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The Philippines’ two pioneering telecom firms, Globe and PLDT’s wireless unit Smart, hit back at new industry player DITO after it filed a complaint against the two firms for their alleged anti-trust practices.

Local media reports cited Globe’s statement saying that it had asked the local telecoms regulator to penalize DITO with 622 million pesos’ worth of fines for violating telecom rules. The statement said DITO made “fraudulent calls” through its network to Globe, calls which allegedly sidestepped “proper voice traffic channels”.

It said that an average of 1,000 fraudulent calls were allowed to pass daily through DITO’s network to Globe users, which breaches the interconnection rules. Globe said the calls were “fraudulent” as they were international in origins that were masked as calls being made locally.

According to reports, Globe also asked the local telecom regulator to allow its “temporary disconnection” of interconnection trunk lines with DITO until it resolves all alleged illegal bypass operations coming from its network and until it pays Globe all existing charges for what it says are fraudulent calls.

Smart meanwhile said in a statement that DITO’s complaint was “baseless” and denied that they are in any way involved in anti-trust activities against DITO.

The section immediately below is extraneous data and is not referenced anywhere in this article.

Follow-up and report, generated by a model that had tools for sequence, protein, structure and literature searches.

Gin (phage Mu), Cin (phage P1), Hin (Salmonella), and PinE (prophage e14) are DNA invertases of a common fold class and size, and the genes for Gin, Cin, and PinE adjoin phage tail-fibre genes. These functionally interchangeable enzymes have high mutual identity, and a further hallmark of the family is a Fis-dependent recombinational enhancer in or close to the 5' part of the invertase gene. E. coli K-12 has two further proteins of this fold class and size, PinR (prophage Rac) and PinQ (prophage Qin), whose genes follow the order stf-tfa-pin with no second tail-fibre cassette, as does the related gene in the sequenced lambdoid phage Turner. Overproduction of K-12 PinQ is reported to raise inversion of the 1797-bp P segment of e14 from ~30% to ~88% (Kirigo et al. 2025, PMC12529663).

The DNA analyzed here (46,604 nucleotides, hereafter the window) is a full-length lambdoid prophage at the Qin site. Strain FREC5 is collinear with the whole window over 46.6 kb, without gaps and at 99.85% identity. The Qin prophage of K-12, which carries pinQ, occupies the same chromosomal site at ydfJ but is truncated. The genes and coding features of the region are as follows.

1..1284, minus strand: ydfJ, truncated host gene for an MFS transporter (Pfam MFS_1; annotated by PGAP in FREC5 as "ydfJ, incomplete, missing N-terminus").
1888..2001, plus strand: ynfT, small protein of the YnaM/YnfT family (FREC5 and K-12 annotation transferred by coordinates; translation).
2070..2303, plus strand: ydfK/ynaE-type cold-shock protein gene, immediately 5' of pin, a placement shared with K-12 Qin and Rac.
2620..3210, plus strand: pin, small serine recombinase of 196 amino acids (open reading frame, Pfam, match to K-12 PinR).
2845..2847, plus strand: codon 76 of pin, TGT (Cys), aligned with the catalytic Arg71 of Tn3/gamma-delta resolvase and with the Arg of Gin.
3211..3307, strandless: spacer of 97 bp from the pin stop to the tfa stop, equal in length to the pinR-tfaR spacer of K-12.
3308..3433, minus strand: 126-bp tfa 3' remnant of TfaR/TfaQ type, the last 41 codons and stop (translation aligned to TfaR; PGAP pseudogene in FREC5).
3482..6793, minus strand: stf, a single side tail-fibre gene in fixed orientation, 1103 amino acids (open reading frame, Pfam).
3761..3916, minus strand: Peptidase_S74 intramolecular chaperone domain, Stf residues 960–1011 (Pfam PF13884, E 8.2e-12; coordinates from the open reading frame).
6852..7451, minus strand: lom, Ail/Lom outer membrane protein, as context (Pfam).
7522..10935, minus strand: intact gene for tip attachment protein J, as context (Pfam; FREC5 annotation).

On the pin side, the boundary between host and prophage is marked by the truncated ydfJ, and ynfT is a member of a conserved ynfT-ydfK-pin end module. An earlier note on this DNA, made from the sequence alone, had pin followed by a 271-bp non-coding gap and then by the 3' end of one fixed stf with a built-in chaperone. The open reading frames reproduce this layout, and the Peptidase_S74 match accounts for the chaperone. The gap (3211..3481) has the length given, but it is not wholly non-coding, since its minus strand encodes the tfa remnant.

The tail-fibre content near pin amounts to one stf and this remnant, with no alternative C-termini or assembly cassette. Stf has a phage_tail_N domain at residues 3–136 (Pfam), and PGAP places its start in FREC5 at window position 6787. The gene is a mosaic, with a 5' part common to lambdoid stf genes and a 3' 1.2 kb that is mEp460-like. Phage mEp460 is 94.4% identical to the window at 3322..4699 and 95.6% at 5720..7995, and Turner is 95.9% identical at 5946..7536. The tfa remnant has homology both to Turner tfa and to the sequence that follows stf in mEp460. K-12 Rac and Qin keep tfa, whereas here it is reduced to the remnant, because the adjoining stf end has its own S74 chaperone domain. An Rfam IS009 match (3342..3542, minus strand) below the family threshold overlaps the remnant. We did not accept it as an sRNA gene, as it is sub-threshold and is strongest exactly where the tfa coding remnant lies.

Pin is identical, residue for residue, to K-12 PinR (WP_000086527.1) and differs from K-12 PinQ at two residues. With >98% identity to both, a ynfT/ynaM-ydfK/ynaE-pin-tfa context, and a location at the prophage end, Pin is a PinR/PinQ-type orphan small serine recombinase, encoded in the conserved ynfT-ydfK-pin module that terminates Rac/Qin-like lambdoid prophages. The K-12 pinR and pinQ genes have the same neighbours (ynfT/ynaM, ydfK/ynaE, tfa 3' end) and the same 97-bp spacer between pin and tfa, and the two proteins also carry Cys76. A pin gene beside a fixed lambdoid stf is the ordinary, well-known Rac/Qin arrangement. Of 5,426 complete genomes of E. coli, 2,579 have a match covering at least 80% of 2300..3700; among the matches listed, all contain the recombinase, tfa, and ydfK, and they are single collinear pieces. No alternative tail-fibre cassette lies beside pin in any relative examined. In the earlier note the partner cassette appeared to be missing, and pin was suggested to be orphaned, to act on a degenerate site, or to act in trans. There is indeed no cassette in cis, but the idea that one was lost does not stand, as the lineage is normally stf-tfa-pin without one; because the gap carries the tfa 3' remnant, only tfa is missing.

A day before Globe’s move, DITO filed with the Philippine Competition Commission two separate complaints against Smart and Globe. It accused them both of abusing their market dominance by imposing interconnection barriers, resulting in low interconnection for calls made by DITO subscribers to Globe and Smart.

The Philippine Competition Commission said in a statement, “Our Competition Enforcement Office (CEO) is now evaluating the merits of Dito’s complaints. The Commission has 10 days within which to decide whether or not to give due course to the complaint. If given due course, our CEO will proceed to investigate the charges and if it subsequently finds sufficient basis, file with the Commission en banc a Statement of Objections against the allegedly erring entities. The PCC shall also consult with the National Telecommunications Commission for related regulatory concerns.”

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